People with questions or who want to report contaminated fish or wildlife may call the Montana Fish, Wildlife and Parks Region 7 office at 406-234-0900. The U.S. Fish and Wildlife Service also has set up a toll-free telephone number — 888-959-8351 – to report oil-covered wildlife.

-FWP-

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2015 Banquet

Date is Saturday February 7, 2015..  Happy hour 300p-530p   Dinner 545p  Elks Lodge, 934 Lewis Ave.. 2 bars, raffle prizes, silent and live auctions.
$25.00 per adult  Children 6-12 $10.00   age 5 and under free
Contact Greg Heil at 672-9601 for tickets
pmbanquet2015-page001

 

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Club Get Together & Ice Fishing Sunday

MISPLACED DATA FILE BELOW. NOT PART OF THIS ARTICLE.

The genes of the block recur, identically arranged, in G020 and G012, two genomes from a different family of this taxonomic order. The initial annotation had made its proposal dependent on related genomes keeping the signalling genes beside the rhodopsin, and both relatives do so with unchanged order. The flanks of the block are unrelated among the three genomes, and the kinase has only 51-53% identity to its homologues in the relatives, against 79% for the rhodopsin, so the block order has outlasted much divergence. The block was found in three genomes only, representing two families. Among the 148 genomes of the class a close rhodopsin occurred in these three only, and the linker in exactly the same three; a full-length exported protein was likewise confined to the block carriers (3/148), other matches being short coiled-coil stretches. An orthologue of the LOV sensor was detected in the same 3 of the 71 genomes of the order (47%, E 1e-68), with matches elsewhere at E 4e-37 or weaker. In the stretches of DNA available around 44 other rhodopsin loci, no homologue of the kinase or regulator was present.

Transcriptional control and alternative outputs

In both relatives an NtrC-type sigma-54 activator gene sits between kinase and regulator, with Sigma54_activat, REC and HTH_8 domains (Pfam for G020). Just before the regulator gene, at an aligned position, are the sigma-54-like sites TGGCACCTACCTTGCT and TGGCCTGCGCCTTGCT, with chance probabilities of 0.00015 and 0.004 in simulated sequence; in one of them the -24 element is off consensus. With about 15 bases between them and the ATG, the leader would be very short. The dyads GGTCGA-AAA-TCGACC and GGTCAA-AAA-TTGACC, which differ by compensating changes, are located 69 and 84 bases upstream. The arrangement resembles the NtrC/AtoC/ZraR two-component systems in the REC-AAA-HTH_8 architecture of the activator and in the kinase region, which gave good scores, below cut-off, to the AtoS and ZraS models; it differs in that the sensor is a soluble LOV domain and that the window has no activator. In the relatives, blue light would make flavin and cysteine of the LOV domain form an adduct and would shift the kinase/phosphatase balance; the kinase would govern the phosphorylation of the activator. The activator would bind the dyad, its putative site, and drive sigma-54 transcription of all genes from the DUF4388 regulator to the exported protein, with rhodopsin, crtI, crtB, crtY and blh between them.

We are having a club get together Sunday 1/18/15. We will be going to Castle Rock Lake at Colstrip. We will have some cold cuts for sandwiches, will have a pot of chili,

if you have never ice fished before we will have people to help and some equipment.

If you would like to join us we will be heading out about 700am.

Call Becky at 672-8995 if interested in joining or need directions. We will leave from McDonald’s at Johnson Lane in Lockwood

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Game wardens looking for information on poached elk

image002BILLINGS — Montana Fish, Wildlife and Parks game wardens are offering a reward for information about a bull elk that was killed illegally and left to waste east of Billings over the weekend of Jan. 10-11.

FWP game warden Courtney Tyree said elk was shot illegally along Fly Creek east of Billings.

FWP is offering a reward of as much as $1,000 for information leading to a conviction of the persons responsible for the illegal kill. Anyone with information about the crimes is encouraged to call Tyree at (406) 860-7814 or FWP’s 24-hour wildlife tip line at 1-800-TIP-MONT (800-847-6668).